them in novel or effective ways. Much as the PC revolution provided many opportunities for
innovation in assembly of commodity hardware, with companies like Dell making a science out of
such assembly, thereby defeating companies whose business model required innovation in product
development, we believe that Web 2.0 will provide opportunities for companies to beat the
competition by getting better at harnessing and integrating services provided by others.
6. Software Above the Level of a Single Device
One other feature of Web 2.0 that deserves mention is the fact that it's no longer limited to the PC
platform. In his parting advice to Microsoft, long time Microsoft developer Dave Stutz pointed out
that "Useful software written above the level of the single device will command high margins for a
long time to come."
Of course, any web application can be seen as software above the level of a single device. After all,
even the simplest web application involves at least two computers: the one hosting the web server and
the one hosting the browser. And as we've discussed, the development of the web as platform extends
this idea to synthetic applications composed of services provided by multiple computers.
But as with many areas of Web 2.0, where the "2.0-ness" is not something new, but rather a fuller
realization of the true potential of the web platform, this phrase gives us a key insight into how to
design applications and services for the new platform.
To date, iTunes is the best exemplar of this principle. This application seamlessly reaches from the
handheld device to a massive web back-end, with the PC acting as a local cache and control station.
There have been many previous attempts to bring web content to portable devices, but the
iPod/iTunes combination is one of the first such applications designed from the ground up to span
multiple devices. TiVo is another good example.
iTunes and TiVo also demonstrate many of the other core principles of Web 2.0. They are not web
applications per se, but they leverage the power of the web platform, making it a seamless, almost
invisible part of their infrastructure. Data management is most clearly the heart of their offering. They
are services, not packaged applications (although in the case of iTunes, it can be used as a packaged
application, managing only the user's local data.) What's more, both TiVo and iTunes show some
budding use of collective intelligence, although in each case, their experiments are at war with the IP
lobby's. There's only a limited architecture of participation in iTunes, though the recent addition of
podcasting changes that equation substantially.
This is one of the areas of Web 2.0 where we expect to see some of the greatest change, as more and
more devices are connected to the new platform. What applications become possible when our phones
and our cars are not consuming data but reporting it? Real time traffic monitoring, flash mobs, and
citizen journalism are only a few of the early warning signs of the capabilities of the new platform.
7. Rich User Experiences
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Page 13 of 15
As early as Pei Wei's Viola browser in 1992, the web was being used to deliver "applets" and other
kinds of active content within the web browser. Java's introduction in 1995 was framed around the
delivery of such applets. JavaScript and then DHTML were introduced as lightweight ways to provide
client side programmability and richer user experiences. Several years ago, Macromedia coined the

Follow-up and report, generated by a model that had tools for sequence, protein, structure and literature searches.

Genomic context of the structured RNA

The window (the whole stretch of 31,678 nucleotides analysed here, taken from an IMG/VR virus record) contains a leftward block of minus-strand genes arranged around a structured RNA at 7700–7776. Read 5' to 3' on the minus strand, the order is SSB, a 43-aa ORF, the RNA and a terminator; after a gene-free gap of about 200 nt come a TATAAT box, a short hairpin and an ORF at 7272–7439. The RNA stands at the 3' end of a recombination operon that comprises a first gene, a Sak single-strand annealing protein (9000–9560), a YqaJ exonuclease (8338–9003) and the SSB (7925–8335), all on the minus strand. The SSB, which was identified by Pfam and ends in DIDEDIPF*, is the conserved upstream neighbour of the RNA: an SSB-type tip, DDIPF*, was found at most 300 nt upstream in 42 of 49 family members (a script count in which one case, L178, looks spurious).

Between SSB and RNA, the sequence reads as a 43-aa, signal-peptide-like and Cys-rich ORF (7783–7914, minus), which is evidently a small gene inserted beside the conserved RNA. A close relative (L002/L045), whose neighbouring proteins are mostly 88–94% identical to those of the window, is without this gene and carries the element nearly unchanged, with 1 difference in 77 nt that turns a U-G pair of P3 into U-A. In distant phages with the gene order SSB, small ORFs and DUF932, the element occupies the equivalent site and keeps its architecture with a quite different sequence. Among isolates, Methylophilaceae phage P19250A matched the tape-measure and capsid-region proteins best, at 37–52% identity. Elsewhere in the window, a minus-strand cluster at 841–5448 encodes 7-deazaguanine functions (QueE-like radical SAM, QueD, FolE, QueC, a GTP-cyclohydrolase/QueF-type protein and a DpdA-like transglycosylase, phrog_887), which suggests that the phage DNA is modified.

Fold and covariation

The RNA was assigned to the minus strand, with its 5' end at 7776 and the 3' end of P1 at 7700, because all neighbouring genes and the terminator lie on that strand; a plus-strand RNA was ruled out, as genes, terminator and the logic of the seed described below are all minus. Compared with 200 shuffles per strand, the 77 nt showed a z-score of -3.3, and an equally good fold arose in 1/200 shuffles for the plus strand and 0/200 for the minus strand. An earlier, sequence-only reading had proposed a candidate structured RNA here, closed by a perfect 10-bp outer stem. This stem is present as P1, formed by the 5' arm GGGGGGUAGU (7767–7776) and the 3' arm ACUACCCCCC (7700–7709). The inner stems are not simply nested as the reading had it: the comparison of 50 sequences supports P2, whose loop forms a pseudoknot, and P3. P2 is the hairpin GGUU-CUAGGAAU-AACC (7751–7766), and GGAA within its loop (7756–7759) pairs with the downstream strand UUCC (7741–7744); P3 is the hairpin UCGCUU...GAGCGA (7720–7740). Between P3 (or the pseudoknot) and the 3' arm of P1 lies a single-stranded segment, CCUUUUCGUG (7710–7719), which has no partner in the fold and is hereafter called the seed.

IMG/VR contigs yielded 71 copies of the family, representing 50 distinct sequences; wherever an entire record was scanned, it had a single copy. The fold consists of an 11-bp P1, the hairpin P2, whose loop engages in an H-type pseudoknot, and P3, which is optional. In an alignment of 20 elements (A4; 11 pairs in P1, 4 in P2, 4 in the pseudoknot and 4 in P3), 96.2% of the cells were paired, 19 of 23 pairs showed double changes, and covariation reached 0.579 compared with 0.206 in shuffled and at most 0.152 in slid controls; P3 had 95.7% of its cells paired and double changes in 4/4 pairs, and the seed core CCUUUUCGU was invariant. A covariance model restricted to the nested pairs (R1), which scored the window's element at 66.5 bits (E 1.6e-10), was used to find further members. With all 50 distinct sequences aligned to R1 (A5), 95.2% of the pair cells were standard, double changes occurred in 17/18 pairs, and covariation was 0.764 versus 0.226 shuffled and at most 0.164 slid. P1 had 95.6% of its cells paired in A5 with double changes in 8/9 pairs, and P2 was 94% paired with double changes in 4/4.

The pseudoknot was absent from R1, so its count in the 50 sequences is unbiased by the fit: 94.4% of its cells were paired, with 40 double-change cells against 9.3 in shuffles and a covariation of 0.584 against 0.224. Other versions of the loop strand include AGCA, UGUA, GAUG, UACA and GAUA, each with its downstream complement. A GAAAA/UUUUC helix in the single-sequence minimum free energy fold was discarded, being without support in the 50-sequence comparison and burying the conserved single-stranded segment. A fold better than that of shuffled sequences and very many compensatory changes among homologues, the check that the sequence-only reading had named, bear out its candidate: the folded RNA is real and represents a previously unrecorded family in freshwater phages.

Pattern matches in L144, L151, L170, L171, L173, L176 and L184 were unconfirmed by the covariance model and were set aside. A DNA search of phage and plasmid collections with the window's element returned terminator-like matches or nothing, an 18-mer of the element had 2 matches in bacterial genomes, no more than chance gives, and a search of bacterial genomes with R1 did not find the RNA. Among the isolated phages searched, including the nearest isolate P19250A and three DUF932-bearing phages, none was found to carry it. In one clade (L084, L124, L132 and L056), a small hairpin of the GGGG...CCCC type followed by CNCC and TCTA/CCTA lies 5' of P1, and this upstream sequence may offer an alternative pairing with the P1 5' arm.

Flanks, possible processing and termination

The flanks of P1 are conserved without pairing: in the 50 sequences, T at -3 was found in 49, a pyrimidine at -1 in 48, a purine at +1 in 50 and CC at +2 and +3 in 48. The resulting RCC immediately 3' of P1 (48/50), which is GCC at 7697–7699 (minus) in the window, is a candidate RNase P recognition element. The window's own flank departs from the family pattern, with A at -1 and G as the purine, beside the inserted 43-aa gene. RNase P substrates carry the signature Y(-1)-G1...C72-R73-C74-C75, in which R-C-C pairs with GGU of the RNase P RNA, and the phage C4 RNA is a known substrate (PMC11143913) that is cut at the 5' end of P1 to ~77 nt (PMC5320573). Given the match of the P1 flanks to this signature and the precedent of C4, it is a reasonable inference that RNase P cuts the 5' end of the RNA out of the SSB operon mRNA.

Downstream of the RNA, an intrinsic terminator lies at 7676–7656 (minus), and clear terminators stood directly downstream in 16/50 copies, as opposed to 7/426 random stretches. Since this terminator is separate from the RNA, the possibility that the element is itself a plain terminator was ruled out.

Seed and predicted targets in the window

term "Rich Internet Applications" (which has also been picked up by open source Flash competitor
Laszlo Systems) to highlight the capabilities of Flash to deliver not just multimedia content but also
GUI-style application experiences.
However, the potential of the web to deliver full scale applications didn't hit the mainstream till
Google introduced Gmail, quickly followed by Google Maps, web based applications with rich user
interfaces and PC-equivalent interactivity. The collection of technologies used by Google was
christened AJAX, in a seminal essay by Jesse James Garrett of web design firm Adaptive Path. He
"Ajax isn't a technology. It's really several technologies, each flourishing in its own right,
coming together in powerful new ways. Ajax incorporates:
standards-based presentation using XHTML and CSS;
dynamic display and interaction using the Document Object Model;
data interchange and manipulation using XML and XSLT;
asynchronous data retrieval using XMLHttpRequest;
and JavaScript binding everything together."
AJAX is also a key component of Web 2.0
applications such as Flickr, now part of
Yahoo!, 37signals' applications basecamp and
backpack, as well as other Google applications
such as Gmail and Orkut. We're entering an
unprecedented period of user interface
innovation, as web developers are finally able
to build web applications as rich as local PCbased applications.
Interestingly, many of the capabilities now
being explored have been around for many
years. In the late '90s, both Microsoft and
Netscape had a vision of the kind of
capabilities that are now finally being realized,
but their battle over the standards to be used
made cross-browser applications difficult. It
was only when Microsoft definitively won the
browser wars, and there was a single de-facto
browser standard to write to, that this kind of
application became possible. And while
Firefox has reintroduced competition to the
browser market, at least so far we haven't seen
the destructive competition over web standards
that held back progress in the '90s.
We expect to see many new web applications
over the next few years, both truly novel
applications, and rich web reimplementations
of PC applications. Every platform change to
date has also created opportunities for a
leadership change in the dominant applications
Web 2.0 Design Patterns
In his book, A Pattern Language, Christopher